I feel that most of the frustration over the Kibbe system comes from people not having an accurate view of themselves their bodies. A lot of people conflate their personality with their style ID, and that’s an approach that can lead you down the wrong style path. It can be hard to accept that your carefree personality doesn’t necessarily translate into being one of the Naturals, or your larger-than-life persona doesn’t automatically make you one of the Dramatics. But, by being honest about your bone structure and facial (and other) features, you can figure out a way to allow your style to be a perfect enhancement for your personality.

And don’t get me started on the “Classic” types: being any of the other types doesn’t mean that you possess less-than-classic beauty. In fact, some of the greatest beauties throughout the ages were Dramatics (Lena Horne), Soft Dramatics (Diahann Carroll), Theatrical Romantics (Dorothy Dandridge) and Romantics (Beyonce), Soft Gamine (Halle Berry AND Eartha Kitt), Flamboyant Gamines (Tina Turner) . . . You get the picture. But, in case the Naturals are feeling left out of the discussion, let me assure you: the vast majority of high-fashion models are Flamboyant Naturals. Janet Jackson, a woman that is objectively beautiful, is a Soft Natural. And these are only a few of the Black entertainers that have been classified by Kibbe: there are TONS of women, of all ethnicities, that are clearly beautiful and have a timelessness to their beauty that can be considered “classic”. However, just remember there is a difference between “classic” (anything that has remained high quality and outstanding over a period of time) and “Classic” (a term assigned to any person that has a moderate frame, fairly symmetrical features and a blend of curves and angles). There are classic (little “c”) beauties in all of the style IDs.

I have some tips for figuring out your Kibbe type without making things too complicated. I’ll share those in a future post, but until then, I hope you found some value in my random Kibbe-related thoughts. Talk to you all tomorrow!

style

Social Wardrobe for Soft Classics

During the holiday season, you all may find that you have more invitations that you expected . . . At least, that’s been my experience. With all of the parties, galas, and gatherings this season, I realize I needed to assess my wardrobe and see if I had the clothing I needed to stylishly sail through it.

clothing

I figured that it’s important to have a basic “social wardrobe” that flatters my Soft Classic Kibbe type (more about my Kibbe type here and here; click here for general information about body typing). My social wardrobe takes into account my Kibbe type so if you have a different type, you may want to ignore some of the highly personal suggestions and just think about the concepts overall. Even if you have a different Kibbe type, you still will likely benefit from assessing your social calendar and what few items you’ll need to look your best.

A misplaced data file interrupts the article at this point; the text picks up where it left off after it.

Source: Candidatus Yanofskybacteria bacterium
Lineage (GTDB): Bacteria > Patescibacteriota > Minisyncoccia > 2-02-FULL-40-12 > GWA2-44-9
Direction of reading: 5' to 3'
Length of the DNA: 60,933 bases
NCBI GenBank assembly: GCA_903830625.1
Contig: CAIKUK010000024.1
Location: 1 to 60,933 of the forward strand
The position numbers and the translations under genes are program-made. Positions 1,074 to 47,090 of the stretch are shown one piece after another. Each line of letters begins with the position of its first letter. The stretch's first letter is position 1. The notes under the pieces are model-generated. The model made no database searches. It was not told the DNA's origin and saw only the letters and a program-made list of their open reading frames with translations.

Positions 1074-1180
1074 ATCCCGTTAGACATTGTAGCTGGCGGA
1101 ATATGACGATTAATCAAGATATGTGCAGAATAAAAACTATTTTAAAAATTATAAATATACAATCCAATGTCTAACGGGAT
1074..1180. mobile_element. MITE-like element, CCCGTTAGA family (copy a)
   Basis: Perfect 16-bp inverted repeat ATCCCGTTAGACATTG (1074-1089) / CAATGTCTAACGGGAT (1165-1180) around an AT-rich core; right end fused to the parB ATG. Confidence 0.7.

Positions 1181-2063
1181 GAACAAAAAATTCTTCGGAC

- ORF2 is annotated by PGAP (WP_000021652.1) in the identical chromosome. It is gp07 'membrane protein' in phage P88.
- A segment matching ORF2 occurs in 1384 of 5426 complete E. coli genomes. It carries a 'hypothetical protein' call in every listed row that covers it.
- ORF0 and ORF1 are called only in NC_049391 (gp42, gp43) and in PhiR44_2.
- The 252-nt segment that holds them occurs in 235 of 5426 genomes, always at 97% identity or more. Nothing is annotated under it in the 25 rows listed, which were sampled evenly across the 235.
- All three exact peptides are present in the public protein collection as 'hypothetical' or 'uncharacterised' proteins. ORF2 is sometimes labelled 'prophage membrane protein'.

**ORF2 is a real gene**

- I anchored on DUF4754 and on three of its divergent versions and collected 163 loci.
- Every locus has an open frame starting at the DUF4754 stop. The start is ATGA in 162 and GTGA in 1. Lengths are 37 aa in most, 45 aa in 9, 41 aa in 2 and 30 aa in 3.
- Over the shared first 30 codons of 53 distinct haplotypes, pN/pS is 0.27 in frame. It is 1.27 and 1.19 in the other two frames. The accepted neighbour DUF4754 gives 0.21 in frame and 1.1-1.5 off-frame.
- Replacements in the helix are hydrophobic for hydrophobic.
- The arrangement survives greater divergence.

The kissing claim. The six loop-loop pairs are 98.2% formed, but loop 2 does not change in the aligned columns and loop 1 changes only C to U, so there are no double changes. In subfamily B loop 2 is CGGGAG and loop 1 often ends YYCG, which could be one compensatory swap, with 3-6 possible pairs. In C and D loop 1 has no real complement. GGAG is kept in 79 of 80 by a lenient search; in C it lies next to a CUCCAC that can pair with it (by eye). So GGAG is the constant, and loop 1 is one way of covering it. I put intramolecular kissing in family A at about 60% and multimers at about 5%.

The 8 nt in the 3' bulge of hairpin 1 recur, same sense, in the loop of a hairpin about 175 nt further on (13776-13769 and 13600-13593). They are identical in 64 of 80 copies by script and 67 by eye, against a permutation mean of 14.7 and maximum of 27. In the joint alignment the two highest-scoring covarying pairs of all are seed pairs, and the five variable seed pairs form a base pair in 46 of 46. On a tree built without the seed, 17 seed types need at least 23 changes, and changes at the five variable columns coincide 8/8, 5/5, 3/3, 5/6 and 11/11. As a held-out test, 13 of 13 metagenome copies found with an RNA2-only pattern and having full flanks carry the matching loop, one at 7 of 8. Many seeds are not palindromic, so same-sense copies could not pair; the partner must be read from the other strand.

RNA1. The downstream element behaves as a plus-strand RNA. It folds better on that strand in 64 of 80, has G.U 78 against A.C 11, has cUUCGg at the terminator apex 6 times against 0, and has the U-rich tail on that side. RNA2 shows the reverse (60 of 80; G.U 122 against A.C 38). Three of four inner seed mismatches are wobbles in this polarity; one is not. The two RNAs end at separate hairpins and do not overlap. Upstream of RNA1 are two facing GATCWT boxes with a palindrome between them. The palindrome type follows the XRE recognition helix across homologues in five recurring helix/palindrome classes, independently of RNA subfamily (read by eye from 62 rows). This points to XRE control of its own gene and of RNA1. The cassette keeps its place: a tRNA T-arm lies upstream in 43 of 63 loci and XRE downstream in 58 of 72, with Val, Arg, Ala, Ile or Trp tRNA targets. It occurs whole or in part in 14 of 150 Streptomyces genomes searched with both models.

• A fitted sheath

The silhouette should be fitted but not tight: the goal is a structured look that emphasizes the waist without looking overly exaggerated. I really like this very affordable option by Muxxn: it comes in a variety of colors, and it’s easy to dress this up with glamorous jewelry and ornate shoes. However, there’s always the possibility of wearing this with a blazer and nude pumps and then you have a great ready-for-work ensemble.

  • A sleek turtleneck

This is a versatile piece that goes from work to social settings with ease. I love turtlenecks with little extra details that make it look festive. I recently got a turtleneck from White House Black Market that is positively divine. It has small buttons on the sleeves that add a feminine touch. This looks great paired with ankle-length pants or tucked into a voluminous skirt in a dressy-looking fabric (like faille or satin). Sadly, my turtleneck has since sold out, but perhaps they will eventually make it available again. . . Until then, this lovely turtleneck with inset sleeves by PattyBoutik is a pretty, unique interpretation of the traditional turtleneck.

  • 1950s style dress

Fitted bodice, A-line (or fuller) skirt – think swing dresses – and perfectly coiffed hair are all timelessly chic elements of some of my favorite looks from previous social events. I really love how Amazon has a lot of 1950s-inspired styles for reasonable prices. I wore a lacy blush dress by Dressystar when I was a bridesmaid this summer, and I fell in love with the design. However, if you’d like something a little more luxurious, there are many vintage-inspired retailers that have incredible offerings. Unique Vintage has a great swing style coat dress that would look elegant at a variety of events. If coat dresses aren’t your thing, then check out Scarlet Rage, Modcloth and Bitter Root Vintage (full disclosure – many of the dresses on Bitter Root are identical to designs being sold for much less on Amazon. So if the designs start looking similar . . . That may be why).